James Young fell out of the rotation last season, so is it time to give up on him?
Drafted 17th overall in the 2014 NBA Draft as an 18-year-old fresh out of college, James Young‘s NBA readiness was questioned. After struggling to crack the Boston Celtics rotation for the past two seasons, it appears the answer to that question is a resounding no. As a matter of fact, one could argue that Young actually regressed in his second professional season. However, Young – who turns 21 this August – is still the youngest player on Boston’s current roster.
Is it still too early to give up on Young? In a word, yes.
Young was almost the forgotten man on a University of Kentucky squad that was loaded with talented underclassmen. Though he was the second-leading scorer on a team that lost in the national championship, Young played in the shadows of Julius Randle, and the Harrison twins. He put an exclamation point on the end of his freshmen season with a 20 point, 7 rebound performance in the national championship though.
That version of Young has yet to surface in the NBA.
Granted, the opportunities for Young to showcase himself have been few and far between. In two seasons, he has appeared in just 60 games and logged just over 550 minutes. So, what’s the reason?
It’s not for lack of talent. The offensive capabilities displayed by Young in his lone season with Kentucky is what helped him become a first-round selection. That, and a strong performance in the NCAA Tournament certainly helped. He not only showed an ability to score but to do so in a variety of ways. He could hit the three, attack the basket and get to the free-throw line. In 40 games, he attempted seven or more free throws in 14 of them.
For what it’s worth, Young has also found offensive success in the NBA D-League. He’s played in 31 games over the course of two years and has posted a points per game average of 18.7 while shooting better than 40 percent from three. Included in that run have been multiple 30+ point games, and nine games where Young canned five or more three-pointers. Is that a result of the competition in the D-League? Partially, but it’s also proof of the ability Young possesses.
In his rookie season, Young battled with inconsistency and some health issues early on. The transition from college to the pros can be difficult, especially for a 19-year-old freshmen. It’s not wrong for fans to have expected more out of Young, but it’s unfair to hold his rookie season against him. However, last year was disappointing to say the least.
A sweep at the hands of the Cleveland Cavaliers in the 2015 NBA Playoffs showed the Celtics that they still had a ways to go before they could compete with the elite teams of the NBA. One of Boston’s major weaknesses in that series – and is still a major weakness – was the inability to knock down shots. Other than drafting R.J. Hunter, Boston didn’t do much to address that problem, choosing to instead rely on progress from its current players.
That’s why Young’s performance this past season was a big disappointment. Complications stemming from a car accident prevented him from participating in Summer League as a rookie as he wasn’t cleared by doctors until August. This was Young’s first real off-season as a professional. This was his chance to break into the rotation, and he failed to take advantage.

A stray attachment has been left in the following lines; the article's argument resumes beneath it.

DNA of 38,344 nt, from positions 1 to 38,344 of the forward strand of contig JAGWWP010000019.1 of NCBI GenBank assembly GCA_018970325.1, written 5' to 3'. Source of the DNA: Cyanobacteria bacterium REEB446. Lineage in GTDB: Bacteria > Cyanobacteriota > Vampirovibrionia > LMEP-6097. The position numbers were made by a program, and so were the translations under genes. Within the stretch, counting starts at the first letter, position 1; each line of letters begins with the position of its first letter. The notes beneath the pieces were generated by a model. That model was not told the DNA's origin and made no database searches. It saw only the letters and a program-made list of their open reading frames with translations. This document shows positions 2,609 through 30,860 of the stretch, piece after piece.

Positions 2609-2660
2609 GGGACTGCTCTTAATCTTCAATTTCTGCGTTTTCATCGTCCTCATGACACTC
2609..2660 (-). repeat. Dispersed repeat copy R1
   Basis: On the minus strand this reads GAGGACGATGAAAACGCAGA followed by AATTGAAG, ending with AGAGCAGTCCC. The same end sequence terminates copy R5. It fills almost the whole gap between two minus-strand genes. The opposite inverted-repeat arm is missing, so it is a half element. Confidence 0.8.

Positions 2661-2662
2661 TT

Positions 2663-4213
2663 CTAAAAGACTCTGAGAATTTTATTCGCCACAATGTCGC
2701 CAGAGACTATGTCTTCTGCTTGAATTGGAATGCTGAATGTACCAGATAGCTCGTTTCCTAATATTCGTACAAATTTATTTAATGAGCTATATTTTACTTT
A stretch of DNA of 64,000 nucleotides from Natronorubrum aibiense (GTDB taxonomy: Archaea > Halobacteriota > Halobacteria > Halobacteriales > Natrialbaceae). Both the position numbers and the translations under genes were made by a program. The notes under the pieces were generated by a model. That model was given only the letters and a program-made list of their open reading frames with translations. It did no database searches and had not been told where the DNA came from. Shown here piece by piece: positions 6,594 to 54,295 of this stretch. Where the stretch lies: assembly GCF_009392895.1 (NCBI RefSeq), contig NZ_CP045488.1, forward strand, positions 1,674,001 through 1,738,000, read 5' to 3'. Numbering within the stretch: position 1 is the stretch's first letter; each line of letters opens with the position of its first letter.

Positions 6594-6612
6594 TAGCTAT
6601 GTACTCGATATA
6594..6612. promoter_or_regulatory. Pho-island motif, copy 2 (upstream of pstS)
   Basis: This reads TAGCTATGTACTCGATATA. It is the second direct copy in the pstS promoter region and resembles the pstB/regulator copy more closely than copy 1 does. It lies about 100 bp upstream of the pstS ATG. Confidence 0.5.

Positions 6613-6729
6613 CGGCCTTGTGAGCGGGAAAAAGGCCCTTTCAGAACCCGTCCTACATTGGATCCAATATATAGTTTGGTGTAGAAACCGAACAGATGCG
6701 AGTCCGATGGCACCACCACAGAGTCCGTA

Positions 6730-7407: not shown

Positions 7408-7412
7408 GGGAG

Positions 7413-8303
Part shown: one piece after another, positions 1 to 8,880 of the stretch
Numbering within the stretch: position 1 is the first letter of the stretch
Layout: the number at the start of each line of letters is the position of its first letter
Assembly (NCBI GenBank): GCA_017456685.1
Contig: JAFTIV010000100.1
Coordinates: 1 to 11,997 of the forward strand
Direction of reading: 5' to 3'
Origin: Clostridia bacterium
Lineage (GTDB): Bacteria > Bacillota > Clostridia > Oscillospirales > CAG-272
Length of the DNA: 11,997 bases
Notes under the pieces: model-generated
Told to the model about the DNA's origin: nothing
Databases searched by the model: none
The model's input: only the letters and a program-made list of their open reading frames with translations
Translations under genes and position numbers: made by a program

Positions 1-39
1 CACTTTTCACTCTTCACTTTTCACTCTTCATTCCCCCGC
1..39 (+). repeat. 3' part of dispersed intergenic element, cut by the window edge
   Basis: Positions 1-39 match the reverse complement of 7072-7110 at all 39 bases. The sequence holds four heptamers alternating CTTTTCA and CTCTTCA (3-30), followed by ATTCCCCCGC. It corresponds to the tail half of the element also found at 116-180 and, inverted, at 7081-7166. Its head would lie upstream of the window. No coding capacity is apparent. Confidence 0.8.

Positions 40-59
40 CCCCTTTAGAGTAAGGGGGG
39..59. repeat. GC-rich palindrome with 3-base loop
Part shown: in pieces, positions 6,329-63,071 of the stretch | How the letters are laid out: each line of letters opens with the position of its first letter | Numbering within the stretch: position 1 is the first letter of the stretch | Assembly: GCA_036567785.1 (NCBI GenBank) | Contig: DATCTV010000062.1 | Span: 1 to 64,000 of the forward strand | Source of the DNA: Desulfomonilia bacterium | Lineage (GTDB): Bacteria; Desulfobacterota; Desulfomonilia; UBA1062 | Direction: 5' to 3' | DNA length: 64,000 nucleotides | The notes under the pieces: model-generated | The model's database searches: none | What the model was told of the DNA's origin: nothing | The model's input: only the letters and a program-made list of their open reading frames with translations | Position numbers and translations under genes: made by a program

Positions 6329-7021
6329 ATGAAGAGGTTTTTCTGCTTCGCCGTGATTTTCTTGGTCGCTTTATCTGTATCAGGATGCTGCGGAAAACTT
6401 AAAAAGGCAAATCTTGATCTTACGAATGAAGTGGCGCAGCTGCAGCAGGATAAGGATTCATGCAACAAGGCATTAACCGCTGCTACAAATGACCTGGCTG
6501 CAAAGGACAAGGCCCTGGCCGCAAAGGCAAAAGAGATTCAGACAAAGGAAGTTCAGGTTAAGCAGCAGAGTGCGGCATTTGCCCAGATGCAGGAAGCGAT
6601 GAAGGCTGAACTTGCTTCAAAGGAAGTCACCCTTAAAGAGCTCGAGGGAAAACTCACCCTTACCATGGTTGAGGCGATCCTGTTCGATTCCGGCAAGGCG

Young was one of the players I kept an eye on entering this past Summer League. Surrounded by a bunch of rookies and NBA-hopefuls, Young had an opportunity to step up and be a leader. Instead, he slumbered through five games and shot less than 30 percent from the field. He never really looked comfortable on the floor, unable to find his shot and get into any sort of rhythm. That carried over into an underwhelming performance throughout the course of the regular season.
After two subpar seasons, is it that he has struggled to earn minutes, or has Brad Stevens simply not given him enough opportunities? This is the debate that currently defines Young’s short career.
After a break-out game against the Charlotte Hornets his rookie season – in which he scored 13 points on 5-of-7 shooting in just 18 minutes – Young appeared in just six of the next 13 games and shot a combined 4-of-17. He followed that with a stretch of 16 appearances in 17 games, averaging around 13 minutes per appearance. Yet, he failed to make any type of impact. The minutes and appearances are scarce, but so is the production.
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Is it a matter of his work ethic? There hasn’t been anything over the course of two years to indicate that Young isn’t putting forth the effort. Is it really because he is a liability defensively? Is that really the justification for Young’s lack of minutes?
Young is the type of player Boston needs, a wing player who can knock down the three. He needs opportunities though. While he has to do his part to earn those, it may behoove Stevens loosen the reins a little bit. If you have to sacrifice a little on the defensive end for some offense, that’s okay. The Celtics play good enough team defense where they can help mask some of those deficiencies.
Is the age excuse becoming a bit of a broken record? Maybe, but that’s not something that can just be cast aside as a non-factor. While Young’s brief stint in the NBA has been disappointing, I’m not ready to pull the plug just yet. Will the Celtics see it that way? It’s unclear. One thing that is clear is that Young is running out of time. If another year passes and he is virtually non-existent, then it may be time to move on.
The sample size is just too small to make a determination as to whether Young is a bust or not.